As one who never misses an opportunity to add a Spencer Tracy film to my collection, I must admit that I am a bit prejudice because of my view that he is, perhaps, the finest American actor of the 1940-1960 era. But, unlike the other reviewers I much preferred the Tracy version of the story. First, while some of the technical flaws of the Frederick March version may be due to film degradation, it is also clear that sound recording in the 1932 version was far more primitive, something you'll especially notice in scenes where there is movement across a large set. By 1941, not only had the sound recording improved substantially, but the visual aspect of film had also evolved.
But, my preference for the later Tracy version goes beyond that. To me the more subtle characterization of Hyde by Tracy captures the reality of the evil side of real people. March's transformation is excessive, more like one would expect from a horror movie, while Tracy seems to be saying that the average man is not grossly different at his best or worst, that it takes little to tip the scales. In particular, the final scene with Lana Turner, you know he is transforming from lover to murderer without ever seeing his face.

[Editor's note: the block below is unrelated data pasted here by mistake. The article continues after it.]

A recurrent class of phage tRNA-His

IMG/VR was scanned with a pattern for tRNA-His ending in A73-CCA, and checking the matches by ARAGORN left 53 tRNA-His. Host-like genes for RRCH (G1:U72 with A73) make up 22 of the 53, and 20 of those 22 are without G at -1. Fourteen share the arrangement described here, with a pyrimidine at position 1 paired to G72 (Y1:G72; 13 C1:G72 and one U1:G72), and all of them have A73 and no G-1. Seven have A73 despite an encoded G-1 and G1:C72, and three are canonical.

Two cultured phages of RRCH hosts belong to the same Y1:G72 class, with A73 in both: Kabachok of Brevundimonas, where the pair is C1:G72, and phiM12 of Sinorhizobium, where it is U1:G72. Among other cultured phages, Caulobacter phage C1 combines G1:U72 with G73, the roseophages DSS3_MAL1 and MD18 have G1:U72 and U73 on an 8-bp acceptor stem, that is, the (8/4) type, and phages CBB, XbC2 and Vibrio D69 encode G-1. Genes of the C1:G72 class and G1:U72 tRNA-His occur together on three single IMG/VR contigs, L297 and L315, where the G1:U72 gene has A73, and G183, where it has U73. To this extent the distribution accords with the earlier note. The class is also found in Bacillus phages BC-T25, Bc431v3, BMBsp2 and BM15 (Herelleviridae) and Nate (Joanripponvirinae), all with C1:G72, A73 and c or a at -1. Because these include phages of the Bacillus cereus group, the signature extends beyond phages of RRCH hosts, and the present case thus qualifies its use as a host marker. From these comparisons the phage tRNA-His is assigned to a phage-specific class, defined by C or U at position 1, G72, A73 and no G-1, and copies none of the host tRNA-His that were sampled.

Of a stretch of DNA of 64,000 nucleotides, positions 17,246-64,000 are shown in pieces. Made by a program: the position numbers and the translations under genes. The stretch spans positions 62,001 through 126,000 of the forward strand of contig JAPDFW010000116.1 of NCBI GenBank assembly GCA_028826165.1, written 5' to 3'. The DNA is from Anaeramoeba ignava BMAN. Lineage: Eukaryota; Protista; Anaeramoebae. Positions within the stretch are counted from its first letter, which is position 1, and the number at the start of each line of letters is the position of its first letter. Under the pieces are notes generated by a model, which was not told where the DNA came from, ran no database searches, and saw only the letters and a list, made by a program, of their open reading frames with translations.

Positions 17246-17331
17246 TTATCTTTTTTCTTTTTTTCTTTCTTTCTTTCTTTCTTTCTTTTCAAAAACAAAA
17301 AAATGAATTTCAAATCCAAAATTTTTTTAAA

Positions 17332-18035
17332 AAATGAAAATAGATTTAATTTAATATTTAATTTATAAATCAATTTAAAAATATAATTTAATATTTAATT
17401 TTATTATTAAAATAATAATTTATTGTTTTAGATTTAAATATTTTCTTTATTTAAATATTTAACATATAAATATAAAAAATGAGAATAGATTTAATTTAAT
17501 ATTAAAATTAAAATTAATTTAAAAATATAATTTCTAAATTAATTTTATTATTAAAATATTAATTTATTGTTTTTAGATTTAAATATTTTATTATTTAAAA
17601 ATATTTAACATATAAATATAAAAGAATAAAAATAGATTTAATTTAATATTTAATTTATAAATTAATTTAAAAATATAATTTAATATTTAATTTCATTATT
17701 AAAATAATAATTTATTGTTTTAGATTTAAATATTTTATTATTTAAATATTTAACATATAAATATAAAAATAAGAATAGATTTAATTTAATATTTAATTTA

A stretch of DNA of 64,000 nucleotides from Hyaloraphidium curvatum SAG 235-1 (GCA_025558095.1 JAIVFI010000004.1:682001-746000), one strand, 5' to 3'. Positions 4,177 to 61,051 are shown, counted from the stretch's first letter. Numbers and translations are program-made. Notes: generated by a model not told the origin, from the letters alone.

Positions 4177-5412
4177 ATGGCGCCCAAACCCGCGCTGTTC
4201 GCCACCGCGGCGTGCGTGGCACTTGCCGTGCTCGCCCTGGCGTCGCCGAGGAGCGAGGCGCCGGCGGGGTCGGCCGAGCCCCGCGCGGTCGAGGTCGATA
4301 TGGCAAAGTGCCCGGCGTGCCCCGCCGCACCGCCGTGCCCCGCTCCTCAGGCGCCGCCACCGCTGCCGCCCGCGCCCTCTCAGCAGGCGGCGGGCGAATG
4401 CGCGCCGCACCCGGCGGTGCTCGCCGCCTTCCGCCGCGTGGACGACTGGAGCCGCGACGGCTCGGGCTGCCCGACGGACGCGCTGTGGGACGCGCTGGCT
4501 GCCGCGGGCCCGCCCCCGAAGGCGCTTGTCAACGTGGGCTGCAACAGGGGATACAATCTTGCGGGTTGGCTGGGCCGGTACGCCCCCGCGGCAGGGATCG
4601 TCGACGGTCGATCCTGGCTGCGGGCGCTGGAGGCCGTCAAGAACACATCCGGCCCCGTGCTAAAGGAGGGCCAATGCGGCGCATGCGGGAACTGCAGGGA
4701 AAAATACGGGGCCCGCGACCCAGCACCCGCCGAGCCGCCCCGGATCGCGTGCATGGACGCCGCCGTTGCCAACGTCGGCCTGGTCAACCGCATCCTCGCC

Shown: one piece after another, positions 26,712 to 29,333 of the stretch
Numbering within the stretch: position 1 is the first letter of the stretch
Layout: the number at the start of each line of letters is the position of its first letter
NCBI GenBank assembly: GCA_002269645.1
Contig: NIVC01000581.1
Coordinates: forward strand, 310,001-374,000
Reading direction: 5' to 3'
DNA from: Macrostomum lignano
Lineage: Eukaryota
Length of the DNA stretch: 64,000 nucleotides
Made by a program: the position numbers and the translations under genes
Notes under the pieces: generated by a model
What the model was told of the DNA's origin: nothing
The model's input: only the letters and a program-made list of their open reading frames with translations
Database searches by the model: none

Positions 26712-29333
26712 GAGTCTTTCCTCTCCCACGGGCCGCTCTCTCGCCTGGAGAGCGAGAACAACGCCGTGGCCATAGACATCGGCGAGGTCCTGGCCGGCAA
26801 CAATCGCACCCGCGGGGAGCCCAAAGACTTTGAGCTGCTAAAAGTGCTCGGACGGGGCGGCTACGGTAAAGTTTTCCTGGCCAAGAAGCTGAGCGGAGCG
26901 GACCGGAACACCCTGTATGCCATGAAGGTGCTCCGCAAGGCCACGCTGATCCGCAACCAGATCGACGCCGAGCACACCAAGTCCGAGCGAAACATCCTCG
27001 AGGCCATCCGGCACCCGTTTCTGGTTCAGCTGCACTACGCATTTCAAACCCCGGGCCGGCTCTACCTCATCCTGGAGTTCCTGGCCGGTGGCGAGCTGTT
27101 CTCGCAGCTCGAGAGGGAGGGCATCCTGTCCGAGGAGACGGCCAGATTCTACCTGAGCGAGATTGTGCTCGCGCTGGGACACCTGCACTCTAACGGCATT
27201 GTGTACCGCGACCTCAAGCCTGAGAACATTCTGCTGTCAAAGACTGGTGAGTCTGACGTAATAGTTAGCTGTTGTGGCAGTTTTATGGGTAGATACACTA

It's remarkable how very similar the scripts are for both versions, so I suggest watching them in chronological order. While I prefer the Tracy version, I appreciated the opportunity to see and compare the two. And, BTW, you will notice that it would seem more logical for the female leads in the Tracy version to be reversed, but both Lana Turner and Ingrid Bergman turn in fine performances, as opposed to Miriam Hopkins (1932) whose performance is a bit over the top.